Living with anxiety is a challenging experience. It isn’t just the fear and deep dread in itself that can be disruptive. It can also derail other parts of life, from social interactions to simple everyday functioning. Not to mention that it isn’t always something predictable. The symptoms of anxiety can crop up unexpectedly.
Such issues are bad enough for an adult. For children, the impact can be genuinely devastating to their wellbeing. Their experiences can also affect their development and sense of self-worth. It’s not an unusual issue either. Around 1 in 6 children in the UK are expected to experience mental health challenges, including anxiety. As such, it is important as a parent to understand childhood anxiety a little better.
Let’s take a closer look at the common causes of anxiety in children and what you can do about them.
Anxiety is a relatively complex condition. It can take the form of long-term traits that are present throughout children’s lives, or it can be chronic. As such, there can be a range of potential causes or often a combination of them. Understanding these can be key to helping your child navigate their specific challenges.
Some of the most common causes include
- Stressful or Traumatic Events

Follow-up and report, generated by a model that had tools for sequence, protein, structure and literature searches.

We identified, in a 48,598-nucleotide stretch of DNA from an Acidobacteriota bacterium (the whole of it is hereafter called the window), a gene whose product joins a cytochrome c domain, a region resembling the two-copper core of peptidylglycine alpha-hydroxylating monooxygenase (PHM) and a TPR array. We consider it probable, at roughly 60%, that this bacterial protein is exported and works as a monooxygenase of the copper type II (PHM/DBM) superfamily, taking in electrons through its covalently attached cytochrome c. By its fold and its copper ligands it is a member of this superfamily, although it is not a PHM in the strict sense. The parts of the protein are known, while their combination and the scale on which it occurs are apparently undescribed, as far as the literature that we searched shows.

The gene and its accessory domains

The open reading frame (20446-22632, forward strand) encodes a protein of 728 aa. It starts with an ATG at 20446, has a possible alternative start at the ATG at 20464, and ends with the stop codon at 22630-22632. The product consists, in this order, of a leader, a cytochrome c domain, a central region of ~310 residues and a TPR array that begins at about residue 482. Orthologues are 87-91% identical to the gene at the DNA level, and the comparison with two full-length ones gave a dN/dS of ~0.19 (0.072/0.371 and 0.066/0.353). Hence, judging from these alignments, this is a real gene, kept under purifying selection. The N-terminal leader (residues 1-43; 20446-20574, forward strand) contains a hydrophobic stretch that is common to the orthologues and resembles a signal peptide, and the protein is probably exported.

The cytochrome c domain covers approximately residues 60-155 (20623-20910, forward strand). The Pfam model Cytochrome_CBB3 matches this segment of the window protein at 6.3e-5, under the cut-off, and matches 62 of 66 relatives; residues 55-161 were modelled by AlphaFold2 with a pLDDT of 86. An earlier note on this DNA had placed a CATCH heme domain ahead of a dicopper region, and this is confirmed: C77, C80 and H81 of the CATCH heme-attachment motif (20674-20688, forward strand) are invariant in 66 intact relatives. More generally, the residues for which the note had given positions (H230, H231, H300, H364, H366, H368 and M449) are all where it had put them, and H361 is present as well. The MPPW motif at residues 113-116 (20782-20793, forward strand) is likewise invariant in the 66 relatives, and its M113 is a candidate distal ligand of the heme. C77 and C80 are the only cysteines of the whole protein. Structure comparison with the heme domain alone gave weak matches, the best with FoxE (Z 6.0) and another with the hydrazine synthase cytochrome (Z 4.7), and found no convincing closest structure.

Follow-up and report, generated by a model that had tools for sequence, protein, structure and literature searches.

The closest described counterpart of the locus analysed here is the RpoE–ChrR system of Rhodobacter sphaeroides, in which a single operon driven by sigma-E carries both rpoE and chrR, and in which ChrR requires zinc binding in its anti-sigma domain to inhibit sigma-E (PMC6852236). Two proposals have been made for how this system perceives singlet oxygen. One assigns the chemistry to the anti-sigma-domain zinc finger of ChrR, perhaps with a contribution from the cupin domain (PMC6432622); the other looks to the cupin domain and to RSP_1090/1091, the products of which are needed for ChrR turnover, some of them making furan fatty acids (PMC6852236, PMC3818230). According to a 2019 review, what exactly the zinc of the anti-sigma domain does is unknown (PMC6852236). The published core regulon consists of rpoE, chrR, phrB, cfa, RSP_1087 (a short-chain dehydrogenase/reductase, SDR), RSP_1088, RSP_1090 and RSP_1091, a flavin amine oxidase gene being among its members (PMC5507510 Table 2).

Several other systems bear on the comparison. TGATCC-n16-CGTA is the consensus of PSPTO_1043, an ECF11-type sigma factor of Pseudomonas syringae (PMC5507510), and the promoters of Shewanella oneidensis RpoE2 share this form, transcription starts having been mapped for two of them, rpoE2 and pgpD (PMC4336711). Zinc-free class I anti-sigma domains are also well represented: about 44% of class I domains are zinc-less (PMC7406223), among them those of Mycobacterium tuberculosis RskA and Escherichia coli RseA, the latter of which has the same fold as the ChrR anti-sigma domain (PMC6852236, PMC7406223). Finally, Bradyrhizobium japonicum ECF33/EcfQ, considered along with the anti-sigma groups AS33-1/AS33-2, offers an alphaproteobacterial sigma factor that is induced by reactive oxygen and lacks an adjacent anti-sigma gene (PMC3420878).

When children have experienced trauma or stress, this can result in experiencing anxiety related to the circumstances. This isn’t just limited to their childhood, either. When left unaddressed, childhood trauma can spark anxiety and panic well into adulthood. This is because the strong emotions connected to the situation can leave them feeling unsafe in specific scenarios, around certain types of people, and on a general day-to-day basis.
The types of stressful or traumatic events can vary significantly. It may be the result of a family crisis, like death or divorce. The anxiety could stem from sustained abuse or neglect. Even experiences that could seem relatively minor to adults can be traumatic for kids. As such, it’s important to take your kids’ perspectives seriously when identifying sources of anxiety.
- Neurodivergent Traits
Neurodivergence has become gradually better understood in recent years. This term describes people whose brains function in different ways to those considered neurotypical. It can include people living with conditions such as autism spectrum disorder (ASD), attention deficit hyperactivity disorder (ADHD), or learning difficulties among others. This doesn’t mean children with these traits are ill; rather, they operate from an alternative perspective. Unfortunately, it is common for these children to experience anxiety.
The reasons behind this can be varied. Particularly for those on the spectrum, anxiety can stem from a tendency to experience sensitivity to external stimuli. This can cause them to feel uncomfortable, overwhelmed, or unsafe in some situations. Anxiety can also arise from the need to navigate the world differently from others around them.
- School or Social Experiences
The journey of developing through childhood and adolescence can be anxiety-inducing enough. This can be particularly pronounced through kids’ school and social experiences. It’s a confusing time and there can be some intense expectations and peer pressure. It’s not unusual for children to become anxious regularly because they feel so little agency over or understanding of the situation.